FEATURES : Dangers of Dicamba
Dangers of Dicamba
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via the Pesticide Action Network

On the heels of California’s Proposition 37 and the national debate over genetically engineered (GE) food, pesticide companies are continuing to push to legalize new types of GE crops linked with powerful pesticides. Farmers like Indiana’s Troy Roush are objecting to such a shortsighted approach to agriculture. 

There are currently 13 new GE crops pending USDA approval, the most threatening of which may be Monsanto’s Dicamba Soybean. (Other crops include Dow’s 2,4-D Corn and 2,4-D Soybean, and the non-browning “Arctic Apple.”)

Why the need for new seeds? The first GE seeds were introduced in 1996 and adopted widely. Instead of having to rotate crops, farmers could spray the herbicide RoundUp to kill weeds while the GE plants survived. Gradually the weeds adapted and herbicide-resistant weeds now affect an estimated 12 million acres of farmland (about half the size of Indiana), and that number is growing rapidly.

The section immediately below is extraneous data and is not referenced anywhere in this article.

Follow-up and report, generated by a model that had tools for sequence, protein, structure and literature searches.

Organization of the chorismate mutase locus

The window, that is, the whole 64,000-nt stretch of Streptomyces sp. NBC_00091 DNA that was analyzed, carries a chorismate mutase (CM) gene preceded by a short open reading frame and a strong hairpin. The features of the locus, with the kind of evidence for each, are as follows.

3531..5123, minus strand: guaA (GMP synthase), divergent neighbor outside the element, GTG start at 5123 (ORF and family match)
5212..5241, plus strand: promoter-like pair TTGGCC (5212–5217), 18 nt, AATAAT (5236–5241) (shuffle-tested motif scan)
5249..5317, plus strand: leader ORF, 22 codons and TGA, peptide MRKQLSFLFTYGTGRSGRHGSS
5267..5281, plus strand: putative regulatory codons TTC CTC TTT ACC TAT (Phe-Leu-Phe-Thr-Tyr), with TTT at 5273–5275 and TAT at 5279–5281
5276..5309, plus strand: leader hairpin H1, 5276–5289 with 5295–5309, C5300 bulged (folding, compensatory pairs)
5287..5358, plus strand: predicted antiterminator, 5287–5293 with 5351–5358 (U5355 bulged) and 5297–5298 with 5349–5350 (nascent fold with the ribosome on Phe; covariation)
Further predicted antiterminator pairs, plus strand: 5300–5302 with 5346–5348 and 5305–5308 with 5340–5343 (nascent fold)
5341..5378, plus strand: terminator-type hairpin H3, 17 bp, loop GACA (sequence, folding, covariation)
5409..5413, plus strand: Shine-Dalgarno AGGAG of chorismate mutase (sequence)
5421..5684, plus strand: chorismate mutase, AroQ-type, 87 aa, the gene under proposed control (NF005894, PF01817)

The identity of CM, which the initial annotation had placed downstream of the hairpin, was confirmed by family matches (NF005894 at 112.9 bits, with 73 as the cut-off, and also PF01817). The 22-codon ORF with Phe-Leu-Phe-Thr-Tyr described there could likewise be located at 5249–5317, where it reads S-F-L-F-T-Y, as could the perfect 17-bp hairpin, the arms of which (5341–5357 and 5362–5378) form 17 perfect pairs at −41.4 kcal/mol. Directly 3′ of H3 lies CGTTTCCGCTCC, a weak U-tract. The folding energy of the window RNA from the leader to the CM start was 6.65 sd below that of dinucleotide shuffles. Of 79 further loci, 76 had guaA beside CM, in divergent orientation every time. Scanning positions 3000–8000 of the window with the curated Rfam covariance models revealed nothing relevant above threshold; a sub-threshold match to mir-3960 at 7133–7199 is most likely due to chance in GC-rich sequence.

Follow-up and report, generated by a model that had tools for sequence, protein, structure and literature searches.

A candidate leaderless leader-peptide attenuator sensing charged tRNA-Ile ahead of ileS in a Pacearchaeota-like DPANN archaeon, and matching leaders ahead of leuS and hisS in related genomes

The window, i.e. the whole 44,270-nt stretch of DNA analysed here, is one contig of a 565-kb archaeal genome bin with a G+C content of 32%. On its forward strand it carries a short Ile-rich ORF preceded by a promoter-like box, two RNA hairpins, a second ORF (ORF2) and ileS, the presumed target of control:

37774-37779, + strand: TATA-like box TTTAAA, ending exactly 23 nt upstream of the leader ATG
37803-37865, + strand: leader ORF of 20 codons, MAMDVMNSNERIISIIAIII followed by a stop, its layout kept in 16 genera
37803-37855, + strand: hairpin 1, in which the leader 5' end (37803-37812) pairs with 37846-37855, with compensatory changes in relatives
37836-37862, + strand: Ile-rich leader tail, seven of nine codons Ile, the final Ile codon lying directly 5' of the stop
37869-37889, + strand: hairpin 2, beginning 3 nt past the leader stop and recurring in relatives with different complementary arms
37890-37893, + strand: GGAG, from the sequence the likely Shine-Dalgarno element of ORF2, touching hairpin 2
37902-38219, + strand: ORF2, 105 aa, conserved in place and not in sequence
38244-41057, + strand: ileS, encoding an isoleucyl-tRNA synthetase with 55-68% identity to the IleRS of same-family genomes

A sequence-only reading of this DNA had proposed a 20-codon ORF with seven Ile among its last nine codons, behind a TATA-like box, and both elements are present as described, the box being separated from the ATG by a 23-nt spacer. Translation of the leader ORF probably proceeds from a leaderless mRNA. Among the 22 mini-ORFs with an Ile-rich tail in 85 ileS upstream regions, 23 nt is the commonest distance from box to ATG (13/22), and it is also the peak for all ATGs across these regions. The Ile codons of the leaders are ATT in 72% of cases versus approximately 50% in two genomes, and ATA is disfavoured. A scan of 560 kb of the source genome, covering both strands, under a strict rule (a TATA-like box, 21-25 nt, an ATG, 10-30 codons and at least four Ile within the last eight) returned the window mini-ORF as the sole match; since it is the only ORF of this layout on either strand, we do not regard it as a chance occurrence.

As more weeds become resistant, farmers spray more herbicides. Since their introduction, GE seeds have led to 527 million more pounds of herbicides to be sprayed than would have been used on conventional crops. These chemicals are harmful to human health, pollute natural resources, and devastate neighboring crops. Dicamba is particularly destructive. Indiana farmer Troy Roush observes, “Whatever it settles on, it kills.”

Unfortunately the US framework for regulating GE crops like Dicamba Soy is broken. As the USDA considers legalizing GE crops, it only asks whether or not the crop poses the risk to other plants, but not farmers.   

Until a comprehensive process is put in place – one that recognizes the costs of GE crops to farmers and rural communities – USDA Secretary Vilsack should stop the unchecked flood of these seeds from entering the market.

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